OUR THOUGHTS ON:

Do Yinz Have Yer Iggle Card? - Using Gift Cards to Raise Money in Your Community

Audit|Retail

By Steven Franz

Hockey tryouts.  Its time to sign-up and buck up.  Time to pencil in the teams and figure out the fundraisers.  Involvement in youth hockey means that the emails are flying, and the committees are working their magic to make the season affordable. This year has brought a new-to-me opportunity in the quest to raise funds – gift cards.  Our local supermarket affords the opportunity for organizations to sell gift cards and receive a percentage of the sales in the form of a donation.

Gift cards seem to be everywhere.  Shopping for the holidays?  Restaurants reel you in with "buy-$100-and-get-$20-Free deals."  Looking to get a discount on your cost at the fuel pump? Get more perks by buying gift cards.  Every restaurant, supermarket and sporting goods outlet is in on the action and wants more. Why?  Well, for starters, sales of gift cards have risen from $80 billion six years ago to $118 billion this year, a 47% increase.  Big dollars.  Two-thirds of Americans have purchased a gift card.  That number rises to 98% for teenagers who have either purchased or received a gift card.

Gift cards are not exactly the most imaginative gift in the world, but they are easy to give and even easier re-gift. The plastic has been the most requested item on holiday wish lists since 2007, and that doesn’t seem to be changing anytime soon.

So, great – we know that gift cards are splendid for birthday gifts.  And now little Benny and his hockey team are sporting some nicer uniforms courtesy of the local market, while dad is chock full of perks for fuel.  But, why the big hurry for all of these companies to sell gift cards?  First of all, companies benefit from the more than $1 billion on gift cards that goes unredeemed annually.  An estimated 40% of card holders do not use the entire value of the card.

Lawmakers have made the rules more favorable for the consumer to be able to hold on to these assets.  The Credit Card Accountability, Responsibility and Disclosure Act of 2009 rules that cards should not expire until at least five years after they are issued, or after the date they are loaded with money. To be sure, those rules have certainly given new life to gift cards left in the wallet.  In 2007, 10% of gift card sales were estimated to have gone unredeemed versus 1% this year.   The extra time helps, but doesn’t account for gift cards that are lost or simply forgotten.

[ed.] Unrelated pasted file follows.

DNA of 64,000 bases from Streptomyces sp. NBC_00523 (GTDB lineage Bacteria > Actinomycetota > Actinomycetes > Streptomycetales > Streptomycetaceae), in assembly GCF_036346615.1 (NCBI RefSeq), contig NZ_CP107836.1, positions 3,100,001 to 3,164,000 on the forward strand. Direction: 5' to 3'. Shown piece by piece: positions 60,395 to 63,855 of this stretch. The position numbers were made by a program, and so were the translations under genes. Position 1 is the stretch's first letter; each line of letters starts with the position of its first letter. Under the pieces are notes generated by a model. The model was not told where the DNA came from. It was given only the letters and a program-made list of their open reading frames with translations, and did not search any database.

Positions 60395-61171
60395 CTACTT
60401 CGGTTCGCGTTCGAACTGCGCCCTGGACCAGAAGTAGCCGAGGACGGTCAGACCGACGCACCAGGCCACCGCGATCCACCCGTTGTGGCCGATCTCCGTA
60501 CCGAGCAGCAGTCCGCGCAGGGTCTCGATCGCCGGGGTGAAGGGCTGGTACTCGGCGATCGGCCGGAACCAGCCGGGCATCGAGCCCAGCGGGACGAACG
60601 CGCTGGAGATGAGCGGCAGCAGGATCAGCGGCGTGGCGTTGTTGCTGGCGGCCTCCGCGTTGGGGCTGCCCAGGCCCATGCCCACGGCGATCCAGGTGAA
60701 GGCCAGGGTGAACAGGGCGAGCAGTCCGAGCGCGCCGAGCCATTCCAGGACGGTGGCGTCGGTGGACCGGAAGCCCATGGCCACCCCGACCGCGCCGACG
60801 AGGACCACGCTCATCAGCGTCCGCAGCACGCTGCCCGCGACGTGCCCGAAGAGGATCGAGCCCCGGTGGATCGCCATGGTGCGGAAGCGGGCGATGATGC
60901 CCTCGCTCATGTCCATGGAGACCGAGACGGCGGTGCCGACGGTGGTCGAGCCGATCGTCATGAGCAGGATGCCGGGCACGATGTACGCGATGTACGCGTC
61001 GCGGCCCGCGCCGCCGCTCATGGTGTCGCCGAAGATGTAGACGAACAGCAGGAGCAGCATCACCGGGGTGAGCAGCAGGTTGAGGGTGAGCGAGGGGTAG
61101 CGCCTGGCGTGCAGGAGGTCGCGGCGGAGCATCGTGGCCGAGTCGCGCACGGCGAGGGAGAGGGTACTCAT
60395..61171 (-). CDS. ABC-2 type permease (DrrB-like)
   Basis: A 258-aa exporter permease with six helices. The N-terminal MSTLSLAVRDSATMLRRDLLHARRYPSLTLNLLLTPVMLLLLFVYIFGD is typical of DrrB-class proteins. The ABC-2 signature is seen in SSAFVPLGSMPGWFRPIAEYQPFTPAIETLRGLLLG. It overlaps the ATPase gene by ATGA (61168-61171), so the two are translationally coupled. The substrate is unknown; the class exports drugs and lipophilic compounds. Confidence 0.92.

In addition to the unredeemed cards leaving cash in the pockets of the card-issuing companies, retailers also benefit from consumer tendencies with gift cards.  Most gift card holders require more than one trip to the store in order to redeem the entire amount of the card.  And, more than half of gift card holders spend more than the amount of their gift card, with a majority spending at least 60% more than the value of their card.  That means that for the most commonly purchased gift card amount of $25, the company ends up earning revenue of $40 more often than not.

So, go ahead and help your local youth hockey team by purchasing a gift card from them.  Just be sure that you understand what you’re getting into and use those cards as soon as possible!

© 2014 Schneider Downs. All rights-reserved. All content on this site is property of Schneider Downs unless otherwise noted and should not be used without written permission.

 This advice is not intended or written to be used for, and it cannot be used for, the purpose of avoiding any federal tax penalties that may be imposed, or for promoting, marketing or recommending to another person, any tax related matter.

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The Schneider Downs Our Thoughts On blog exists to create a dialogue on issues that are important to organizations and individuals. While we enjoy sharing our ideas and insights, we’re especially interested in what you may have to say. If you have a question or a comment about this article – or any article from the Our Thoughts On blog – we hope you’ll share it with us. After all, a dialogue is an exchange of ideas, and we’d like to hear from you. Email us at contactSD@schneiderdowns.com.

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© 2018 Schneider Downs. All rights-reserved. All content on this site is property of Schneider Downs unless otherwise noted and should not be used without written permission.

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